The Broncos suffered crucial losses down the stretch, ultimately ending their playoff hopes. The final straw came in San Diego when the Broncos were embarrassed on national television on New Years Eve. Mike Shanahan was promptly terminated the following day once the team returned to Denver. The reality was Mike Shanahan had too much power and it led to a dysfunctional franchise, from the front office to the locker room. The model was never fixed upon the arrival of the younger Josh McDaniels which led to a more comprehensive compound fracture of the organization.
So it’s the most obvious thing the Broncos franchise must work on fixing.
With Mr. Bowlen aging and facing questions of his health and well being, it certainly makes sense to decentralize the power within the franchise and make it a more functional and cohesive unit. The Denver Broncos have Pat Bowlen and Joe Ellis focused on the big business decisions. Yet the team still lacks a real general manager empowered to guide the draft in a trusted and thoughtful manner. Additionally they need a head coach who can be an administrator. This time around the head coach figure should more immersed within the football side of the equation, while distancing himself from the business side.
The Broncos Must Hire the Right Coach at All Cost
The Denver Broncos have led the NFL for the better part of 30 years, being the single most competitive franchise in the NFL. They have still played in more Super Bowls since their first in 1977 than any other franchise since that time. The Broncos are a proud franchise with one of the best fan bases in all of professional sports. The owner Mr. Bowlen is also among the best in all of professional sports. In order to fix the franchise, the Denver Broncos must get the right coach with character that encourages winning now.
The bottom line here is there are a handful of excellent candidates that could potentially fit the part. Yet, Jon Gruden is the guy Denver needs right now. He is the most capable of handling the current state of the team, and has the experience to steer the Broncos to a better place. Gruden recently turned down the University of Miami football program, perhaps to stay with his Monday Night Football gig, or hopefully to wait for a great opportunity to coach in the NFL again. Jon Gruden knows he could be content working in an environment like the Broncos have. Mainly because Mr. Bowlen is one of the most supportive owners in the NFL, which is what attracts the best to coach in Denver.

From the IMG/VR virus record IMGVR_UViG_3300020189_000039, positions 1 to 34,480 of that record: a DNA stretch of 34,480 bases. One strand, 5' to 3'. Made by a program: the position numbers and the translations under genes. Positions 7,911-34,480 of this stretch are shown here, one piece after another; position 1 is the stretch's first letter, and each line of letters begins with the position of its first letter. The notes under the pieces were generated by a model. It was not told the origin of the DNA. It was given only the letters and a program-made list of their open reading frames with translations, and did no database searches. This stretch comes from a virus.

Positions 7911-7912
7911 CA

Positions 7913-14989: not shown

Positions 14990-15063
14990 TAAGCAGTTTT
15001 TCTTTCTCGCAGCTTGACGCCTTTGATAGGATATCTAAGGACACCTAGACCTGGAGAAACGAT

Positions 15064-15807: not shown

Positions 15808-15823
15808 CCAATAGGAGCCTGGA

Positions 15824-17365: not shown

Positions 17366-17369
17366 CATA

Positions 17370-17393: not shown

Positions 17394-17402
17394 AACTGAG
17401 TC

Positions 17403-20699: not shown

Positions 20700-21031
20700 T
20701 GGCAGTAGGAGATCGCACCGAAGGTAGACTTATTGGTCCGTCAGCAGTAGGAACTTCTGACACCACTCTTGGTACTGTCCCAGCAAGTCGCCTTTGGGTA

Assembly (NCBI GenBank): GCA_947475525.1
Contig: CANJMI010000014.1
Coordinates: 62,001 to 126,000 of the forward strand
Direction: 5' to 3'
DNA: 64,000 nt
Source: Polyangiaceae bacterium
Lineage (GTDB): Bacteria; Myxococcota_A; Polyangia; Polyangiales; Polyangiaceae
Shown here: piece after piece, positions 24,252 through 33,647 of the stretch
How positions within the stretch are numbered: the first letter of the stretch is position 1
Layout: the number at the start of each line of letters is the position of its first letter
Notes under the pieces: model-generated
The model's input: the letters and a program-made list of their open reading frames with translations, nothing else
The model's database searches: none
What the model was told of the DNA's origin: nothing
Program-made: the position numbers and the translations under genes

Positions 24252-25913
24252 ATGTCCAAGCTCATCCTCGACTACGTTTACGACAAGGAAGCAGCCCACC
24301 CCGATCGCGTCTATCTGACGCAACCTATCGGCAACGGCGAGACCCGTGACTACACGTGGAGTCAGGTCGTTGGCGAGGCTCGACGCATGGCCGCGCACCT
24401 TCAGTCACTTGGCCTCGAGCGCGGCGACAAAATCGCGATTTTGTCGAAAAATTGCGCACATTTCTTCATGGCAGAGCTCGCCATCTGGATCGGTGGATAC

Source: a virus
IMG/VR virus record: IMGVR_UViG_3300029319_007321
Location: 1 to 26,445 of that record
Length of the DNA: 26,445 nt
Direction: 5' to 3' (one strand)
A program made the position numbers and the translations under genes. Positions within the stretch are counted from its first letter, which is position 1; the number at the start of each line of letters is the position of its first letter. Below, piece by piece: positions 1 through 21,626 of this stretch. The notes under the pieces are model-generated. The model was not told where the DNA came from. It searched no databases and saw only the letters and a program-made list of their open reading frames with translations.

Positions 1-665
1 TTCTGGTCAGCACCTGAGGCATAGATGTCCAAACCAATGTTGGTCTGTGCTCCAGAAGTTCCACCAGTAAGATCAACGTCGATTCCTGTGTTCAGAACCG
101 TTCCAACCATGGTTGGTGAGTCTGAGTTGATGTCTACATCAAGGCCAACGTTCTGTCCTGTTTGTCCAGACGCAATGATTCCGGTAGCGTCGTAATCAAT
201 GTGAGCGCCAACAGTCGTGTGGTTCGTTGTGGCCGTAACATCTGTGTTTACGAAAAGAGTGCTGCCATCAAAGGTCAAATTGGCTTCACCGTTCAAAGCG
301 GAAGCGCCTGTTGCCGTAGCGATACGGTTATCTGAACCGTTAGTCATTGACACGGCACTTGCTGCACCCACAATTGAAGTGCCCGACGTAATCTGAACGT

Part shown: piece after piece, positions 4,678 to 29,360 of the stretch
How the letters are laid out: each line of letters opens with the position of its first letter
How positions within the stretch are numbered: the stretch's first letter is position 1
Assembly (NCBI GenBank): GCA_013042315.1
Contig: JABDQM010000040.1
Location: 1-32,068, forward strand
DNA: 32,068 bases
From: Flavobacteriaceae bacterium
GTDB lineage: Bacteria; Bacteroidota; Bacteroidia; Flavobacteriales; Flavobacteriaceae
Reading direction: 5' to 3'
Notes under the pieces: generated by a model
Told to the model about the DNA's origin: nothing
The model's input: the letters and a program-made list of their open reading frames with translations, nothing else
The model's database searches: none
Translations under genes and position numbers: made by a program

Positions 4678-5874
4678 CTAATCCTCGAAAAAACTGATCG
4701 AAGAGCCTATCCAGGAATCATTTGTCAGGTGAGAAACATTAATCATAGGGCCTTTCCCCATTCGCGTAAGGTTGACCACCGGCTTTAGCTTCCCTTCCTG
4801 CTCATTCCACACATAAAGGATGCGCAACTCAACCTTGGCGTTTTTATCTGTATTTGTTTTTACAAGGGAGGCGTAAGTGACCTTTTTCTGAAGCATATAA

Broncos' legend John Elway was spotted having dinner with Mr. Bowlen this evening, as rumors continue to swirl that he will soon accept a position as a consultant.
Finally there is a small issue of the Broncos being on the hook to still pay Mike Shanahan and Josh McDaniels and his staff. However the franchise has already dedicated efforts to get the team back on track, so spare no expense should be the mantra.
The Broncos Must Ditch the New England Spread Approach
Just for the sake of the 2010 players to remain competitive down the stretch, the Broncos won’t change the offensive scheme prior to the end of this season. However during the off season the Broncos must make the adjustments. The team will have to focus more on one fact while moving forward: Josh McDaniels's New England Spread scheme resulted in the Broncos only averaging around a 37% conversion percentage, which would kill any team, any coach, any time. There are a number of positives within the scheme, but the net result killed the sum of all things. Defenses understand the spread now and know how to make adjustments to counter it. It should be a piece of the overall offensive scheme, but not the entire scheme itself, unless your name is Tom Brady and the New England Patriots.
On The Field the Broncos Must Get More Physical
The Broncos recognized last year their offensive line was not very big. They were being out-matched physically on the field and ultimately leading to s subpar run game. The 2010 offensive line got better and bigger, however they were less effective in the run game. The newly implemented offensive scheme led to an obvious lack of dedication to the run. On the defensive side of the equation, the Broncos had to switch from the 4-3 to the 3-4 because of their defensive personnel being undersized.
It made the Broncos competitive, but the reality is the team suffers from several things: a lack of pocket pressure in the pass game, undisciplined play, to being physically worn out by the oppositions' rushing attacks. The Broncos generally are undersized due to the impact of playing in high altitudes. The team still needs to get bigger, stronger, and nastier. Teams that have a lot of sacks generally put an exponential amount of pressure on opposing quarterbacks, something the 2010 Broncos have had trouble doing.
Offensively the Broncos Must Balance Their Attack
The missing piece in Denver since Mike Shanahan left has been the rushing attack. Last year the methodology was all wrong when they did run; this year there was no dedication to the run game. The Broncos averaged approximately 60 yards per game the rest of the season on the ground, which is absolutely pathetic and unacceptable. The Broncos offensive line is certainly culpable on this, however it’s possible the Knowshon Moreno can still emerge as a feature tailback in the NFL. He certainly shows signs of promise and getting better, but he’s not exactly reeling off long touchdown runs. At the end of the day, running the ball well always takes the pressure off of the quarterbacks and allows the offense to control the clock.